88

I need to disable the credential helper for OS X: git credential-osxkeychain

It is disabled both in the global config file and in the local one, in fact it has never ben enabled. Still, it keeps memorizing my github login details.
I'm on a laptop, so I don't want automatic passwordless access to my repos.
I will use ssh keys. This is a new computer, and the whole system setup is still a work in progress.
For now I used the https repo refs, and the credential helper keeps kicking in.

These are my conf files:


git config --edit =>

[core]
    repositoryformatversion = 0
    filemode = true
    bare = false
    logallrefupdates = true
    ignorecase = true
    precomposeunicode = false
[remote "origin"]
    url = https://github.com/user/repo.git
    fetch = +refs/heads/*:refs/remotes/origin/*
[branch "master"]
    remote = origin
    merge = refs/heads/master
[branch "develop"]
    remote = origin
    merge = refs/heads/develop
[branch "deploy"]
    remote = origin
    merge = refs/heads/deploy

git config --global --edit =>

[user]
    email = ****************
    name = tom
[color]
    ui = true
[core]
    editor = subl -w
[github]
    user = tompave
[merge]
    conflictstyle = diff3
[push]
    default = simple

Also, running git config --global credential.helper returns nothing (and that's right).

However, running git config credential.helper returns osxkeychain!

How is it possible? I can't see it in the local config file, where is it set?

I tried to set it up locally to see what would happen, and it did appear in the repodir/.git/config. Then I deleted the entry... but the helper is still here and active.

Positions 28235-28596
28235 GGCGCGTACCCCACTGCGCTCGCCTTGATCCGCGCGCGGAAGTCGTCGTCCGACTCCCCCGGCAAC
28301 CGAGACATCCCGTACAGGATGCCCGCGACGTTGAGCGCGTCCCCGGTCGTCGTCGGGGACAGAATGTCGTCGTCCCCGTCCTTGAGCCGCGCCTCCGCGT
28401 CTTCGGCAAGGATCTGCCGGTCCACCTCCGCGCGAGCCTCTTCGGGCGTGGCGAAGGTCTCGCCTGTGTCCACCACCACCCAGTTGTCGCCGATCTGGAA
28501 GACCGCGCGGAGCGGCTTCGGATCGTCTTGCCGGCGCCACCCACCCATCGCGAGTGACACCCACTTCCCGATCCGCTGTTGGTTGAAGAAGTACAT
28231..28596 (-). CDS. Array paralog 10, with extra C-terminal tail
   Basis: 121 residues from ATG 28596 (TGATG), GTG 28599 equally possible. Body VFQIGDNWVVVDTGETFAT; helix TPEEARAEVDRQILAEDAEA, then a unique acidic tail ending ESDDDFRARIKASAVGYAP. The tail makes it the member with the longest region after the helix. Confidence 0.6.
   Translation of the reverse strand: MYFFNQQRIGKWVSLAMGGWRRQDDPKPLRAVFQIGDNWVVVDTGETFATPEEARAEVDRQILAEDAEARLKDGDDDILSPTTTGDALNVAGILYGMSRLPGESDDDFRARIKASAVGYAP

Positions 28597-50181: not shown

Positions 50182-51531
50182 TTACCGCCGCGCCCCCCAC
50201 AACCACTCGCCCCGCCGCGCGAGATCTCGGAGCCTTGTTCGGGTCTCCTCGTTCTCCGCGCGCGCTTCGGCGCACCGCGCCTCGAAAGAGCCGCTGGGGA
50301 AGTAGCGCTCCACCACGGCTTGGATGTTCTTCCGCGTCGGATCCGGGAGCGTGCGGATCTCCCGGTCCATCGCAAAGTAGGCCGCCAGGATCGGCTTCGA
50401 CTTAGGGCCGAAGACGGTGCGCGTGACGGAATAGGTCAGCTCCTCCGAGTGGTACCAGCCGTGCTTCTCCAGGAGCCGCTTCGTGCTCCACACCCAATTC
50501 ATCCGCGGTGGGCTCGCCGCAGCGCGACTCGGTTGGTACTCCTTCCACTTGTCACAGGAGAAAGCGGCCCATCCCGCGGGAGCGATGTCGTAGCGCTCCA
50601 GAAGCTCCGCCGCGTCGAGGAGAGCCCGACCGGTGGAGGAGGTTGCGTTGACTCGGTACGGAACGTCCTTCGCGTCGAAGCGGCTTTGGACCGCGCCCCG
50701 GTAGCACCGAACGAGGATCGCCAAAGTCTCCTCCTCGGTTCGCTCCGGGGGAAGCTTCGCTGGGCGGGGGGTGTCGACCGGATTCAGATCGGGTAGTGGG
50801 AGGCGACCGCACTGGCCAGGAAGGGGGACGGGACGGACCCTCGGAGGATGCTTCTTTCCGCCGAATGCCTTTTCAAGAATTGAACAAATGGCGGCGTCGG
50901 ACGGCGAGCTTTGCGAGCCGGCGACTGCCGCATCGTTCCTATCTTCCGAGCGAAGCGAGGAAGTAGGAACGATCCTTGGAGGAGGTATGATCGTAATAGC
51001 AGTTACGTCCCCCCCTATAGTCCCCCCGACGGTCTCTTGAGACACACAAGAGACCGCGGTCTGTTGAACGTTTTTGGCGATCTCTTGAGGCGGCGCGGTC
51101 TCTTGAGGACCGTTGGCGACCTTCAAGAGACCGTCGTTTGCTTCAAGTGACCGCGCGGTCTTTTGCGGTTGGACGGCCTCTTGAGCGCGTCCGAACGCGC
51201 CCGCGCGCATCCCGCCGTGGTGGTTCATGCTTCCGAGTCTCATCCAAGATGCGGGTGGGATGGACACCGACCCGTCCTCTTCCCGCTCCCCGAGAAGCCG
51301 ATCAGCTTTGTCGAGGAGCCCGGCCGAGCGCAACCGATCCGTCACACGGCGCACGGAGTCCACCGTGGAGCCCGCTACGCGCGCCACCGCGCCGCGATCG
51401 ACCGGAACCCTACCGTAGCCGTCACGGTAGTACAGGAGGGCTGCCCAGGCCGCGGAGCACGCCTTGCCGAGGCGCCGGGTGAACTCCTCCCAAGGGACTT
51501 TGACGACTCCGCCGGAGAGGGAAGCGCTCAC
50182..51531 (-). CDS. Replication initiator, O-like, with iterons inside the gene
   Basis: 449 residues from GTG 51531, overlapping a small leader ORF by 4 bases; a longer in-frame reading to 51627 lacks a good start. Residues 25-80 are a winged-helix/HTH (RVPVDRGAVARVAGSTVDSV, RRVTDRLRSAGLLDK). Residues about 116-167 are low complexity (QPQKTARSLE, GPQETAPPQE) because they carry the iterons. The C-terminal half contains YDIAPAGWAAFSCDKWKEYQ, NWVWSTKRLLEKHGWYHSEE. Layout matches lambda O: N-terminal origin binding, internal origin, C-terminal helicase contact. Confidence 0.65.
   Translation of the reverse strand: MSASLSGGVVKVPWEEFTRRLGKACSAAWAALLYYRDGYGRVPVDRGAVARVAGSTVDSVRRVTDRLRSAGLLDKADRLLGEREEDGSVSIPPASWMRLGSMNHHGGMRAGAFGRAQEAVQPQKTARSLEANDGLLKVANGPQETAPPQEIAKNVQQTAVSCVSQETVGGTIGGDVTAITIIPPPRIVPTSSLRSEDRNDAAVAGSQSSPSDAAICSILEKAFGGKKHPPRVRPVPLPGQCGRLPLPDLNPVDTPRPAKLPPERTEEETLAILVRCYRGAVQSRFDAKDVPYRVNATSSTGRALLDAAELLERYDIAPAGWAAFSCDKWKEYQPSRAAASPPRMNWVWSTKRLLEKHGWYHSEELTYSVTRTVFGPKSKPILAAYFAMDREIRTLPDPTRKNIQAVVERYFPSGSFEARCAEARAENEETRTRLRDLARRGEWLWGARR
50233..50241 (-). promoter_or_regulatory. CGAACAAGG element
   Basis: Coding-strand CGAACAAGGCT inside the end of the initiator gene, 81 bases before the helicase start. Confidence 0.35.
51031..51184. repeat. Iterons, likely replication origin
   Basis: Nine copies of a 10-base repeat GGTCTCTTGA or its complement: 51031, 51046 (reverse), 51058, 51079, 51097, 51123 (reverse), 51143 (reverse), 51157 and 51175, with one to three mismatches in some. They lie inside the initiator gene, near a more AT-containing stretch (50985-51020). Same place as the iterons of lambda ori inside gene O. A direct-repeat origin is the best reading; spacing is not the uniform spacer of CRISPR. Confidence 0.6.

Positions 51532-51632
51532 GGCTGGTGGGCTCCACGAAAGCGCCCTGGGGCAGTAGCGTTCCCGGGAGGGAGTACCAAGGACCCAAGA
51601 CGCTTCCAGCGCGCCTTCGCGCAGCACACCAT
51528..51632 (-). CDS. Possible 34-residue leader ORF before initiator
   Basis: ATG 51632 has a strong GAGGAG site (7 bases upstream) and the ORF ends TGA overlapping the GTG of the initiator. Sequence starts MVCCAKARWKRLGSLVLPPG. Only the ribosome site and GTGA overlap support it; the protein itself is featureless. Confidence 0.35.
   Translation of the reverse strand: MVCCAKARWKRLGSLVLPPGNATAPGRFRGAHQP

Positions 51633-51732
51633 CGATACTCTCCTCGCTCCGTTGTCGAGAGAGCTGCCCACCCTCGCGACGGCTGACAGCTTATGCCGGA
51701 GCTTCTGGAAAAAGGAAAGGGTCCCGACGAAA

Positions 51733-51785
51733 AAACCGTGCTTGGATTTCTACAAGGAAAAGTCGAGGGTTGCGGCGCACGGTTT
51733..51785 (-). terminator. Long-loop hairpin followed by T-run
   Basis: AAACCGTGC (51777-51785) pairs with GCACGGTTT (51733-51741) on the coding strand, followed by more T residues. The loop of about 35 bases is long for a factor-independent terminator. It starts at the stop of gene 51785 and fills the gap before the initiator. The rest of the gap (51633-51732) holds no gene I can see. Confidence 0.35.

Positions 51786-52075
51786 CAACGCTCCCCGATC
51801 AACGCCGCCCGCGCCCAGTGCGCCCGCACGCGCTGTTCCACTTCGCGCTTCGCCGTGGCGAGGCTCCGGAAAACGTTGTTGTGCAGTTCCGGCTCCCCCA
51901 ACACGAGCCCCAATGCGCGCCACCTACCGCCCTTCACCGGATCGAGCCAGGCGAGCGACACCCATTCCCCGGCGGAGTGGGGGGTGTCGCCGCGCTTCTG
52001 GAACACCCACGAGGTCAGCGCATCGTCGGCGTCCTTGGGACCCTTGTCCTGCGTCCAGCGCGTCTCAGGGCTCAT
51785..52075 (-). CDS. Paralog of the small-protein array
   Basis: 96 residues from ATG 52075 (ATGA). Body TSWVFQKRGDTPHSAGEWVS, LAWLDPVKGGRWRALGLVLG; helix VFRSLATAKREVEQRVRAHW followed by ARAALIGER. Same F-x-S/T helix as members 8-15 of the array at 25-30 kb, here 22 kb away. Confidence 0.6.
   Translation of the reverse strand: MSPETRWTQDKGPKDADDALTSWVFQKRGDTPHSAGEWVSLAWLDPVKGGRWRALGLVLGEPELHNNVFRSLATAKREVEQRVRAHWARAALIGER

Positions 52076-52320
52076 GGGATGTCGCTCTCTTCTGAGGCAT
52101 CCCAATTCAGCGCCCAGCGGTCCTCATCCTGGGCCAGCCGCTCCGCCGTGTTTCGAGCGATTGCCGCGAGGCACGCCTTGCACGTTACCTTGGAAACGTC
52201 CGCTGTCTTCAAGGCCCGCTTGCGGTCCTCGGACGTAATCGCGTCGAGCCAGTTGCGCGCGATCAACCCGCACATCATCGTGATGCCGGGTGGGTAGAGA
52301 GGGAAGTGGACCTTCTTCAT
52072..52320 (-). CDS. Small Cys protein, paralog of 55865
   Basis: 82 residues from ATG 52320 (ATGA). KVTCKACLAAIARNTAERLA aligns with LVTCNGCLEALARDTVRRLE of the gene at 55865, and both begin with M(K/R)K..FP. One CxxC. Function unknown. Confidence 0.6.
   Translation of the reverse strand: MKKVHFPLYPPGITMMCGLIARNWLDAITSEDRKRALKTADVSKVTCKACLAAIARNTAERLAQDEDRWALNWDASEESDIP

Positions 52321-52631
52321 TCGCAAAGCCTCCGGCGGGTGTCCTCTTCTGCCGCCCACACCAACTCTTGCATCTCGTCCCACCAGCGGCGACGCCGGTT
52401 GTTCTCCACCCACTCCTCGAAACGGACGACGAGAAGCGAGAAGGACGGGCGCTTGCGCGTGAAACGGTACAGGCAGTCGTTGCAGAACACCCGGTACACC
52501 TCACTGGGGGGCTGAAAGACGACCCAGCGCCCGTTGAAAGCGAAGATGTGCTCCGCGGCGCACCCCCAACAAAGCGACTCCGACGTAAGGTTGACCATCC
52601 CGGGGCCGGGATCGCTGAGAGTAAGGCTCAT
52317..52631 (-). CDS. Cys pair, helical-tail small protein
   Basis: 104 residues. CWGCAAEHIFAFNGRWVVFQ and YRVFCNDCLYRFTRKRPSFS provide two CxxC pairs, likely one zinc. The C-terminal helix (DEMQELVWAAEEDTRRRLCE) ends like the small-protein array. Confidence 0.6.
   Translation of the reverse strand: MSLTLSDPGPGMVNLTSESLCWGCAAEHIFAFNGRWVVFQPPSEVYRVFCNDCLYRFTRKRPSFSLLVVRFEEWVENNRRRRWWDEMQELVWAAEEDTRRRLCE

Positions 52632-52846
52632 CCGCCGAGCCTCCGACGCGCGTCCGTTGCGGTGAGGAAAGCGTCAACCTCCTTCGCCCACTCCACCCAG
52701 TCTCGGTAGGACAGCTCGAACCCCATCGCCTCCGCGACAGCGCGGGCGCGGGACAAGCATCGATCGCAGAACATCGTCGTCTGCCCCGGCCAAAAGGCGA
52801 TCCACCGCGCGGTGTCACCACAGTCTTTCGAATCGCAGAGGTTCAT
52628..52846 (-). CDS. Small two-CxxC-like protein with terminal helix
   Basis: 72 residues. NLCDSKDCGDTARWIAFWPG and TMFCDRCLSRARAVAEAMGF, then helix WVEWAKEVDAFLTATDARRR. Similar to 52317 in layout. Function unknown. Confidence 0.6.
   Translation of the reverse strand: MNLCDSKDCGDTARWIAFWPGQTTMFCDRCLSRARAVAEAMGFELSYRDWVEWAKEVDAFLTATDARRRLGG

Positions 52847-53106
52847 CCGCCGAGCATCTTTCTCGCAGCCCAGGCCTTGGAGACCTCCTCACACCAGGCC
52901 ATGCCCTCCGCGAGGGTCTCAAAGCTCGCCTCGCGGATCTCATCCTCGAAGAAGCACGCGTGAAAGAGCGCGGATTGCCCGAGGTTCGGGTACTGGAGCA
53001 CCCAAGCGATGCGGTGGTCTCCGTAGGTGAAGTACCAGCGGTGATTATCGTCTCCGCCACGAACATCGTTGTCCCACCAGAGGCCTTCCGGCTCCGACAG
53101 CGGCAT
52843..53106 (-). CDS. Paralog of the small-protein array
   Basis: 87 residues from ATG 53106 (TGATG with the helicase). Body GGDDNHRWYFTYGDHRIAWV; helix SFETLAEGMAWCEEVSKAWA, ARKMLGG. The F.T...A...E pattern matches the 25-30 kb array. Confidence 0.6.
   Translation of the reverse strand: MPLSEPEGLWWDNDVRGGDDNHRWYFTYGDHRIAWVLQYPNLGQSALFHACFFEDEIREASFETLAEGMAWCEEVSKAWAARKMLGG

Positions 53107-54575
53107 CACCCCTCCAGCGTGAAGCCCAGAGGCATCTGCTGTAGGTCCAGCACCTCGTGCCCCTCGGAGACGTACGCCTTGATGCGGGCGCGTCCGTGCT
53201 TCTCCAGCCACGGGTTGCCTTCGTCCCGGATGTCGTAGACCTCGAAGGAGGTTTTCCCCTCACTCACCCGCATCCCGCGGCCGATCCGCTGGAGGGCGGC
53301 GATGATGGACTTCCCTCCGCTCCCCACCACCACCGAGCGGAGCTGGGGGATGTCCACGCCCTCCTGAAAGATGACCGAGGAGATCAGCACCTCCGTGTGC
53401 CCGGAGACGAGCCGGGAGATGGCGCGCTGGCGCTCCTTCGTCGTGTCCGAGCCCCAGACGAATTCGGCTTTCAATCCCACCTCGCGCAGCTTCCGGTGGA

I can clearly see its entry in OS X keychain.
I can delete it, and then git will ask for the password again... but as soon as I type it (let's say, for a git fetch), the entry in keychain is restored.

6 Answers 6

137

To help track down the setting, I'd try to use:

git config --local credential.helper
git config --global credential.helper
git config --system credential.helper

The first one checks the local repo config, the second is your ~/.gitconfig, and the third is based on where git is installed. Depending on which one comes back showing the credential helper, you can try using the equivalent --unset option:

git config --local --unset credential.helper
git config --global --unset credential.helper
git config --system --unset credential.helper

The last one may not work if you don't have proper permissions. So you may need to run the last one under sudo for it to work correctly. FWIW, you may have installed for the pre-built git images for Mac OS X. If you cat /usr/local/git/etc/gitconfig (or /usr/local/etc/gitconfig if you installed git via Homebrew or a building locally), you'll see that it does set up the credential helper for you. So the last command above would help fix that problem.

10
  • 1
    sounds similar to my answer, but with more practical comamnds, so +1.
    – VonC
    Apr 17, 2013 at 7:52
  • Thanks. I was misinterpreting the output, as I thought that git config regarded the local options... and wasn't aware of --system. now the command git config --system --edit clearly shows the osxkeychain option, and I can unset it. Judging from the output, it looks like that git config --edit is interpreted with the --local option enabled by default.
    – tompave
    Apr 17, 2013 at 19:01
  • 1
    On my Mac, the system level config file is /usr/local/etc/gitconfig, not /usr/local/git/etc/gitconfig. Aug 9, 2018 at 15:55
  • 4
    None of those return anything, but git config credential.helper is still osxkeychain Apr 10, 2019 at 15:51
  • 14
    @theonlygusti These days you can use git config --show-origin credential.helper to show where it's coming from. Give that a try and then you know where to got and fix the problem. :-) Apr 10, 2019 at 19:53
75